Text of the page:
CERC is the major service component of the Rose F. Kennedy Center at the Albert Einstein College of Medicine. The Rose F. Kennedy Center is also comprised of the Center for Excellence in Developmental Disabilities Education, Research and Service (UCEDD), the Leadership Education in Neurodevelopmental Disabilities Program (LEND) and the Intellectual and Developmental Disabilities Research Center (IDDRC). Representing collaboration between the Departments of Neurosciences and Pediatrics, the Rose F, Kennedy Center is one of only six programs in the United States to offer a comprehensive service, training and research program on behalf of persons with IDD and their families.

About Albert Einstein College of Medicine of Yeshiva University

Albert Einstein College of Medicine of Yeshiva University is one of the nation’s premier centers for research, medical education and clinical investigation. During the 2013-2014 academic year, Einstein is home to 743 M.D. students, 275 Ph.D. students, 103 students in the combined M.D./Ph.D. program, and 313 postdoctoral research fellows. The College of Medicine has more than 2,000 full-time faculty members located on the main campus and at its clinical affiliates. In 2013, Einstein received more than $150 million in awards from the National Institutes of Health (NIH). This includes the funding of major research centers at Einstein in aging, intellectual development disorders, diabetes, cancer, clinical and translational research, liver disease, and AIDS. Other areas where the College of Medicine is concentrating its efforts include developmental brain research, neuroscience, cardiac disease, and initiatives to reduce and eliminate ethnic and racial health disparities. Its partnership with Montefiore Medical Center, the University Hospital and academic medical center for Einstein, advances clinical and translational research to accelerate the pace at which new discoveries become the treatments and therapies that benefit patients. Through its extensive affiliation network involving Montefiore, Jacobi Medical Center –- Einstein’s founding hospital, and three other hospital systems in the Bronx, Brooklyn and on Long Island, Einstein runs one of the largest residency and fellowship training programs in the medical and dental professions in the United States. For more information, please visit, read our blog, follow us on Twitter, like us on Facebook, and view us on YouTube.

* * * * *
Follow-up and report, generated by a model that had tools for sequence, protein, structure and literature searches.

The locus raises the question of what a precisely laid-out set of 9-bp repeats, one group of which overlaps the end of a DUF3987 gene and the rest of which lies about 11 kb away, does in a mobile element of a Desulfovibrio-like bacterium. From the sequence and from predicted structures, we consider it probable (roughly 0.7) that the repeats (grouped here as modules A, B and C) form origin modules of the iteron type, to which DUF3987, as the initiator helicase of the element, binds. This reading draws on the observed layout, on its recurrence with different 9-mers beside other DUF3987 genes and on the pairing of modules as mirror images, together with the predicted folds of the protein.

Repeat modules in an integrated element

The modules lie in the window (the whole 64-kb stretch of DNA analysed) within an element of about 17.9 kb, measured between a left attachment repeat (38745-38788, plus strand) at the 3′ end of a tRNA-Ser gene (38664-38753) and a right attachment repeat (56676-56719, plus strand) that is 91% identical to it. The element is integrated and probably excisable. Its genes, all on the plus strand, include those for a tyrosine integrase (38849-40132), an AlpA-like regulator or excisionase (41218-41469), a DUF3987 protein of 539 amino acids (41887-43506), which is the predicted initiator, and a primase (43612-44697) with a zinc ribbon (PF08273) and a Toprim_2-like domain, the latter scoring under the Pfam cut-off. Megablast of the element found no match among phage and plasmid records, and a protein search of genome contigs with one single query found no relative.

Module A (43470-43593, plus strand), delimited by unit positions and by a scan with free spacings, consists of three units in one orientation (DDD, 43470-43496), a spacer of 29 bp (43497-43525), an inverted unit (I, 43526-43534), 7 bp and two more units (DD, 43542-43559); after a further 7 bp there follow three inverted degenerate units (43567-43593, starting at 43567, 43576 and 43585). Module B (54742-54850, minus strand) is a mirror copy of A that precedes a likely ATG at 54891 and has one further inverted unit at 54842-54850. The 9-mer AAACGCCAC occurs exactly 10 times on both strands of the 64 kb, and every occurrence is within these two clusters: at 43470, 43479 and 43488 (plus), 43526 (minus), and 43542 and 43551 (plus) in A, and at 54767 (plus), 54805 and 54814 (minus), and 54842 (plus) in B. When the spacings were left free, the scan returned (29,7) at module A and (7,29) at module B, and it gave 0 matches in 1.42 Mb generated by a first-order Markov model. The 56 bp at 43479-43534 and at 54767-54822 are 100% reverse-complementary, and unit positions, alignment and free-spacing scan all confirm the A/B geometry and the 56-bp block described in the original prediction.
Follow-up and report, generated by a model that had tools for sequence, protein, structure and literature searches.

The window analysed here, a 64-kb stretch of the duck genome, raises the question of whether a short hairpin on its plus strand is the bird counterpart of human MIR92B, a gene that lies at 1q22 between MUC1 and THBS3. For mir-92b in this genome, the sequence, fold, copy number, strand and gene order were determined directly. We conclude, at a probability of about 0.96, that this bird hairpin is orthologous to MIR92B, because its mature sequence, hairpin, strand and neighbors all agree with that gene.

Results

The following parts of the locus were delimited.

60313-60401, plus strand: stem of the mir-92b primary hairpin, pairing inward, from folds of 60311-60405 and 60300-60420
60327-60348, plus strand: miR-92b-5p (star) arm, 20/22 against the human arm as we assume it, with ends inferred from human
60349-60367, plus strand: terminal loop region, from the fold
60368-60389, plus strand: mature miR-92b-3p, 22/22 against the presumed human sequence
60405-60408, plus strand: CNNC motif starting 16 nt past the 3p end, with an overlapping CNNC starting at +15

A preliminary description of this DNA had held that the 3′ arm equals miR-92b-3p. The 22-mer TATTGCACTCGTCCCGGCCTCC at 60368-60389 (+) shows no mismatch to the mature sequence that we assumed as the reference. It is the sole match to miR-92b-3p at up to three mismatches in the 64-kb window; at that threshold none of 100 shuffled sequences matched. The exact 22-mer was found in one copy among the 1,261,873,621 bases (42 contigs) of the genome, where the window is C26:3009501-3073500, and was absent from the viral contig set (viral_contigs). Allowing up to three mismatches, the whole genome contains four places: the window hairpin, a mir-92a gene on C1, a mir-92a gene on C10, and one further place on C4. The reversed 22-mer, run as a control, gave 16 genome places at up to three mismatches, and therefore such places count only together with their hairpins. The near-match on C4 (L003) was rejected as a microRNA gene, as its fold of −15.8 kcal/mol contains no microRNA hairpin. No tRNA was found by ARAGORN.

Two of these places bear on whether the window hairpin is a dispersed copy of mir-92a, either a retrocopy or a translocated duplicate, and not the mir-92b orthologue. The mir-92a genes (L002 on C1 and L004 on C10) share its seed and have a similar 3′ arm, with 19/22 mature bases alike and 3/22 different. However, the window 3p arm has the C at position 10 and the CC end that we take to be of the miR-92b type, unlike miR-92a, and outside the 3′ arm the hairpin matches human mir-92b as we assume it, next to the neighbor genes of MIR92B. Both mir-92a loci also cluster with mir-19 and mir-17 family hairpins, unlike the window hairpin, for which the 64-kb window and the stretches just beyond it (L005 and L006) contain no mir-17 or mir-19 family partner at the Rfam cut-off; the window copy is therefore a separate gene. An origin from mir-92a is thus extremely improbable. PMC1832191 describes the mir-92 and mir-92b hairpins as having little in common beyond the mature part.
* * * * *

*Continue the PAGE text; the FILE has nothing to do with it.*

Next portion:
About Montefiore Medical Center

As the University Hospital for Albert Einstein College of Medicine, Montefiore is a premier academic medical center nationally renowned for its clinical excellence, scientific discovery and commitment to its community. Recognized among the top hospitals nationally and regionally by U.S. News & World Report, Montefiore provides compassionate, patient- and family-centered care and educates the healthcare professionals of tomorrow. The Children's Hospital at Montefiore is consistently named in U.S. News' "America's Best Children's Hospitals." With four hospitals, 1,491 beds and 90,000 annual admissions, Montefiore is an integrated health system seamlessly linked by advanced technology. State-of-the-art primary and specialty care is provided through a network of more than 130 locations across the region, including the largest school health program in the nation and a home health program. Montefiore's partnership with Einstein advances clinical and translational research to accelerate the pace at which new discoveries become the treatments and therapies that benefit patients. The medical center derives its inspiration for excellence from its patients and community, and continues to be on the frontlines of developing innovative approaches to care. For more information please visit and . Follow us on Twitter; like us on Facebook; view us on YouTube.